Special Reports

Damage delayed bridge work

The process of lifting the deck sections onto the new Tacoma Narrows bridge was delayed for more than a month by mechanical damage some workers are convinced was sabotage.

Two workers aboard the Swan, the ship that carried the deck sections from South Korea, say 16 motors in hydraulic winches used to move the ship back and forth at anchor were ruined by handfuls of loose screws and washers placed in oil inlets.

The screws and washers mangled the insides of the motors used to move the winches, the workers said, stripping gears, shattering pistons and rendering them useless.

Each of four winches being used to move the Swan is powered by four hydraulic motors. All 16 of the motors were ruined and had to be replaced, the sources said.

Neither worker wanted to be identified, saying they feared losing their jobs. One of the men photographed the damage and delivered pictures to The News Tribune.

The photographs show several disassembled motors, gears with missing teeth and loose screws still stuck inside motor housings.

Erin Hunter, a spokeswoman for the bridge builder, Tacoma Narrows Constructors, said in an e-mail response to questions about the incident that it would be “inappropriate to speculate” about how the screws got into the motors.

TNC is not regarding the incident as sabotage, Hunter said, and did not report it to any law enforcement agency.

TNC moved the Swan into the Narrows on June 29, but the lifting operation did not begin until more than five weeks later.

TNC and the Washington State Department of Transportation attributed the delay in part to problems with the winches aboard the Swan, but did not provide details about the nature of the problem.

The Swan arrived from Korea on June 8 with 16 deck sections stacked four high. The on-board winches are being used to align the stacked deck sections under lifting equipment on the new bridge’s main cables.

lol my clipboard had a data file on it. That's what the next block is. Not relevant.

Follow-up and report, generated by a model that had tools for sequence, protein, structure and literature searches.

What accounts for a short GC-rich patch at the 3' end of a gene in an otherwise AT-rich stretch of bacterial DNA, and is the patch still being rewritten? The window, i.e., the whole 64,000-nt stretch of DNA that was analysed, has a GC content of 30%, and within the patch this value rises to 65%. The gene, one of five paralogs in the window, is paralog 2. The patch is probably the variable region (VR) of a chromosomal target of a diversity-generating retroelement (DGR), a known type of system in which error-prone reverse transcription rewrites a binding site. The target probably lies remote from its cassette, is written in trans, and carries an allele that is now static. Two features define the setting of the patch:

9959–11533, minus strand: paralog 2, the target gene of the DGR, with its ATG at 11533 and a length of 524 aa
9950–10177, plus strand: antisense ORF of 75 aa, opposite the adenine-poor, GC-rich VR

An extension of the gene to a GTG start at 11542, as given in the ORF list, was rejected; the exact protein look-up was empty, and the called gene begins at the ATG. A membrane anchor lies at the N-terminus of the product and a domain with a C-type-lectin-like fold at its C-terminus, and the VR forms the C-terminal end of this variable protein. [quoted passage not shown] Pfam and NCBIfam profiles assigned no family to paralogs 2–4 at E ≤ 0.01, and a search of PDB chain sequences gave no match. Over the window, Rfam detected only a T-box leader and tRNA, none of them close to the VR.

Sources said the damaged motors were discovered during initial tension tests June 29 after the Swan was moved into position under the west-side span of the new bridge.

The winches are not part of the ship, but were supplied by the subcontractor Nippon Steel/Kawada Bridge and are specific to the deck-assembly operation.

A worker involved in repairing the motors compared the damage to what would happen if screws were dropped into the engine oil inlet of an automobile engine.

“It is obvious that the screws entered the motors through the hydraulic oil inlet,” he said. “That’s why the screws are lodged into the motor end cap.

“The person who dropped the screws in must have loosened the hoses and put the screws into the hydraulic hoses and waited for the system to be operated,” he said. “The hydraulic pressure would push the screws into the motor and damage the motors when the pressure built up.”

TNC successfully lifted the first deck section into place on the new bridge on Monday.

According to Department of Transportation spokeswoman Claudia Cornish, the bridge builder plans to lift the second section into place today.

TNC had hoped to have all 46 deck sections in place by October. The company’s current schedule calls for finishing the lifts in December.

Asked how long it took to get the motors replaced and reinstalled, Hunter said, “It took as long as required and we continue to target summer 2007 opening.”

The bridge originally was scheduled to open in April 2007, but that date was pushed back three months to July after wire intended used for the main cables corroded while in storage.

Rob Carson: 253-597-8693